Chemical Recycling of Renewable Polyesters

Chemical Recycling of Renewable Polyesters

Author: ChemPlusChem

Polylactide (PLA) is a renewable, biodegradable polyester accessible via metal-catalyzed ring-opening polymerization (ROP) of lactide. It could be a good candidate to substitute common fossil-based, non-degradable plastics and help to fight the pollution caused by these polymers. However, current industrial production requires the use of the toxic catalyst tin octanoate and costly monomer production via fermentation. Therefore, efficient recycling is important to exploit the full potential of PLA.

Sonja Herres-Pawlis and colleagues, RWTH Aachen University, Germany, have investigated the chemical recycling of PLA via methanolysis, transforming the polymer to methyl lactate in anhydrous tetrahydrofuran (THF). The team used guanidine carboxy Zn complexes (pictured below) to promote the reaction. Using the unsubstituted catalyst C2, a polyester conversion of 41 % was reached after 5 h at 60 °C. Introducing an electron-donating NMe2 group at the ligand’s backbone (C3) caused an increase in catalyst activity, resulting in a PLA conversion of 72 %. Introducing an electron-density-withdrawing group to the ligand (C1) decreases the conversion.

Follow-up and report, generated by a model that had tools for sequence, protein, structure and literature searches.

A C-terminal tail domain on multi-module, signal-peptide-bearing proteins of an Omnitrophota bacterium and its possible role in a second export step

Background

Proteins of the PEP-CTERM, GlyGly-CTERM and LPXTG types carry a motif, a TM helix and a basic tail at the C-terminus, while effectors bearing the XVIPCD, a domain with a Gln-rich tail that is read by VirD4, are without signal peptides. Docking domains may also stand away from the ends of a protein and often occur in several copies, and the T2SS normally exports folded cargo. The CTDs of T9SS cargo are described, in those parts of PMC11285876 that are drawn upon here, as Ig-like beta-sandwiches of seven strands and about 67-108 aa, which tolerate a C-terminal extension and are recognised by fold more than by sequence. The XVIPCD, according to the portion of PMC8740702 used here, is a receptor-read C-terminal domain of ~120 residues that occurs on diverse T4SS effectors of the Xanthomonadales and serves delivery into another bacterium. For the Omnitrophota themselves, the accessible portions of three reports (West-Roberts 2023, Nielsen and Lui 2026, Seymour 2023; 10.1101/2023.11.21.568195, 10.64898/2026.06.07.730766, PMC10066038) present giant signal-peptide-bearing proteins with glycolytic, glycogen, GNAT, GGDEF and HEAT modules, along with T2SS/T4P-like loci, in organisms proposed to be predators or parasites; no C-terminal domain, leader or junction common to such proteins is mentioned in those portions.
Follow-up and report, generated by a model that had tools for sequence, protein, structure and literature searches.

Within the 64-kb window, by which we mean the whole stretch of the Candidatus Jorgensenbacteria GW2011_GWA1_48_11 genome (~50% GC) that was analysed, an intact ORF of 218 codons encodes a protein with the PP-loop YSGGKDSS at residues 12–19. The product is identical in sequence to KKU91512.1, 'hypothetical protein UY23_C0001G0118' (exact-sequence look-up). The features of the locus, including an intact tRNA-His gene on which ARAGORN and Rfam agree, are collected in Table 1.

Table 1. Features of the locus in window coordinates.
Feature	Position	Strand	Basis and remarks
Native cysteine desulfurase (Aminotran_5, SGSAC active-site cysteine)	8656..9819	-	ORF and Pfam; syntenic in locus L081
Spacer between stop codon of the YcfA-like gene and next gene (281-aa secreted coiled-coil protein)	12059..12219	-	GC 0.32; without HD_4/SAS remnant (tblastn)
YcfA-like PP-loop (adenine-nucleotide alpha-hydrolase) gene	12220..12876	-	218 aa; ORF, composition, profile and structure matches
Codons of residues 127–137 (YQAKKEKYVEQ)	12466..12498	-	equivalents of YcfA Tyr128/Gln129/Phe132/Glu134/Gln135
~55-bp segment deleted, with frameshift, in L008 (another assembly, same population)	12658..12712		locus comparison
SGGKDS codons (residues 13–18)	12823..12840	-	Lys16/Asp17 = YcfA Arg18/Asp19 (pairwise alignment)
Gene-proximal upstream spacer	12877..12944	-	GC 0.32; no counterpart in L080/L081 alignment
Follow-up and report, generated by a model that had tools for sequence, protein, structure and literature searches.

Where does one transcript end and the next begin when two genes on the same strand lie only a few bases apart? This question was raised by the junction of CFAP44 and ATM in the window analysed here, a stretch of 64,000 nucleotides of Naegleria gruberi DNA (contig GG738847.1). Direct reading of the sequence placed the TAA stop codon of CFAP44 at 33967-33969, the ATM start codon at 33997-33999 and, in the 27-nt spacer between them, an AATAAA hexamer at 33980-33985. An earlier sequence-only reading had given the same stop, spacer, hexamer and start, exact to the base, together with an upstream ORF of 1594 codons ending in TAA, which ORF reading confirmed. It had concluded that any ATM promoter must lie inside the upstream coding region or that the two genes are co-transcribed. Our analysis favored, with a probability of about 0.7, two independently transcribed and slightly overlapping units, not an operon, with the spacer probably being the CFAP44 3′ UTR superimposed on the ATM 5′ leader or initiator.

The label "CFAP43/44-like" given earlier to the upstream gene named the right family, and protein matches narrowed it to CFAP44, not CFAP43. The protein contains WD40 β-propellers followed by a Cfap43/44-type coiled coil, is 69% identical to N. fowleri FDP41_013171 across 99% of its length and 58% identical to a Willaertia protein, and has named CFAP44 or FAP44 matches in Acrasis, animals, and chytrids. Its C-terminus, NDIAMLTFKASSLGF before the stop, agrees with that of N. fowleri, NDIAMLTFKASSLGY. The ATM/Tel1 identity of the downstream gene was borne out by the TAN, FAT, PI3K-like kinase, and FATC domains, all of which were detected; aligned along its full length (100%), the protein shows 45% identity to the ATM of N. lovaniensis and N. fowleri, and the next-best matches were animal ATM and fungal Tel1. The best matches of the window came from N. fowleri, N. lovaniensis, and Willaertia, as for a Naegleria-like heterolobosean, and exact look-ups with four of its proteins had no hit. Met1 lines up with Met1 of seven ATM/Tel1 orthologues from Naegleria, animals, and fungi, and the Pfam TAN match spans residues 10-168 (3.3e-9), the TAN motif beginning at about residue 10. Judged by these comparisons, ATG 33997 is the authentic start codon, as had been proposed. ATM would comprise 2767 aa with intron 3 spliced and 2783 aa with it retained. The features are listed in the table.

The team tested the optimized catalyst C3 for industrially relevant parameters such as process scalability. The team found that scale-up of the reaction and catalyst recycling are both possible. The catalyst can also promote selective PLA degradation from a mixed plastics feed. According to the researchers, guanidine carboxy Zn catalysts could be a useful tool to create a circular (bio)plastics economy.


 

 

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